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Comics teach physics with laser precision
July 17th, 2012 1:32AM

With the fiftieth anniversary of lasers in 2010, Spectra, a new superhero appeared on the horizon to teach middle-school students the physics of lasers. Since becoming “a living ‘laser,’” Spectra, really a middle-school student named Lucinda Hene, has been visited by the spirit of physicist Irnee D’Haenens, tangled with a black hole, and battled a demon which overheated a swimming pool.

“Lasers are used in so much research--every aspect of physics. Once we change the villain, we can teach every aspect of physics,” said Rebecca Thompson, the physicist who created Spectra with Kerry G. Johnson.

The stories sneak the lessons in, but pair them with activities that help Spectra in her mission, including using drinking birds to learn magnetics, molding dough to learn evaporation, and Hershey Kisses to learn about metal conductivity.

“Teachers are, at first, a little skeptical … but once the kids start reading it and what they’re spouting back is actually right, we get more orders,” Thompson said. “Teachers like the idea of making it not similar to eat your broccoli, brush your teeth.”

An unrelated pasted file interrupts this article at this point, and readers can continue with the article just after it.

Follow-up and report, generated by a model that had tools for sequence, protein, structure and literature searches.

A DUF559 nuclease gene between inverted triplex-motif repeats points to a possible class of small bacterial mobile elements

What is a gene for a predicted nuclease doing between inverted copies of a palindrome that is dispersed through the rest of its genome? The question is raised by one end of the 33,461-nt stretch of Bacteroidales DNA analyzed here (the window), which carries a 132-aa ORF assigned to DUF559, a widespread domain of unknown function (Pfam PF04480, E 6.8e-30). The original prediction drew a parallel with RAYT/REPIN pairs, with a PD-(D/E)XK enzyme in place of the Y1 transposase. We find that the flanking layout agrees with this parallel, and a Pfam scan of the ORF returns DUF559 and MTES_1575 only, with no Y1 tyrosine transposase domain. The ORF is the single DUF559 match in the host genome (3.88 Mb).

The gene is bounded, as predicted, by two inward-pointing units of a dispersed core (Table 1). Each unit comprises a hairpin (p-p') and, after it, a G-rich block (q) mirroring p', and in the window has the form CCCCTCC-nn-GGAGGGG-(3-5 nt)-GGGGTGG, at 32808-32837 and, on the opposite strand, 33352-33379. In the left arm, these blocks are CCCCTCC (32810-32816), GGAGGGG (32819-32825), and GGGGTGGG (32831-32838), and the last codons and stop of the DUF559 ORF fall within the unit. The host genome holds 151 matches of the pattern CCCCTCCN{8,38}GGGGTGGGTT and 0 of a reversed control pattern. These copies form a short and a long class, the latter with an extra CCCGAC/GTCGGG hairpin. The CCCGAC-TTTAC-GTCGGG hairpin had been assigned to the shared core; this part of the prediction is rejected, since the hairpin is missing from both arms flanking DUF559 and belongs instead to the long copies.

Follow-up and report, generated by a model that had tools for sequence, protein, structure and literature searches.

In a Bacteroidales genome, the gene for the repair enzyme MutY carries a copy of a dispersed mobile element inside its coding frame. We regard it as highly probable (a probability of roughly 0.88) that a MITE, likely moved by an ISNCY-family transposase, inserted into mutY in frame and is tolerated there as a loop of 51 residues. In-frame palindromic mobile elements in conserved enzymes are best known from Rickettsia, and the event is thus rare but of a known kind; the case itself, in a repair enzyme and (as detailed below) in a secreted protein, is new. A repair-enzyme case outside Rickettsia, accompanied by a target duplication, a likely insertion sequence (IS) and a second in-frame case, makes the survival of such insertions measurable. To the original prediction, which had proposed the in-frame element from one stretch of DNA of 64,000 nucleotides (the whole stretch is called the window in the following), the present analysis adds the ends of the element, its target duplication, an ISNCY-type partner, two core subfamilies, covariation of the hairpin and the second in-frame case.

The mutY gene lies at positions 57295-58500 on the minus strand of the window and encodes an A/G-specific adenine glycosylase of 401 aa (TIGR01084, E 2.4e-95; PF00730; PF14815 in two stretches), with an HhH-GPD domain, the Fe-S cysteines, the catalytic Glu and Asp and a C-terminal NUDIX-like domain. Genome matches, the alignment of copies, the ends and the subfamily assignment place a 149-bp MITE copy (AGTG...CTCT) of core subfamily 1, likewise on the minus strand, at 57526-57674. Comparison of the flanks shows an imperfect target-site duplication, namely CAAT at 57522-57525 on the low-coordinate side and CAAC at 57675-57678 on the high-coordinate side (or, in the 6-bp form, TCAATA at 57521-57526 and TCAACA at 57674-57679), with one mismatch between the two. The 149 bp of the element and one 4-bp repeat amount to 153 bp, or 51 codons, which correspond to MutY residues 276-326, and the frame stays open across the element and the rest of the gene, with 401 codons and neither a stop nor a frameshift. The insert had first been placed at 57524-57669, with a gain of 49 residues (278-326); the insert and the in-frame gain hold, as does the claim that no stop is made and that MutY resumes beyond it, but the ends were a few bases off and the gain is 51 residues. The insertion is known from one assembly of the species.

It’s now distributed to 13,000 classrooms. The American Physical Society, which distributes the comics, “can’t keep up with the orders. We’re only capped by funding now.”

Thompson wasn’t into comics and science fiction herself, but has immersed herself in those worlds, as well as young adult literature, to find ways of reaching kids. Her investigation of comics and SF has given her a newfound love of the genres, she said.

“People tend to give kids what they think kids would like without doing research. We do do the research to know what middle-school students like,” she said. Thompson noted that with the next book, the character interactions will be more dramatic, a byproduct of feedback from readers in the target audience.

Thompson also sought advice with creating the character, to make sure middle-school girls would “buy into this world” and into physics. The folks at girlwonder.org helped Thompson keep the character away from pink and "fully clothed," with strong characters and realistic situations to draw female readers in. The result is to make Spectra a regular girl with laser powers, Thompson said.

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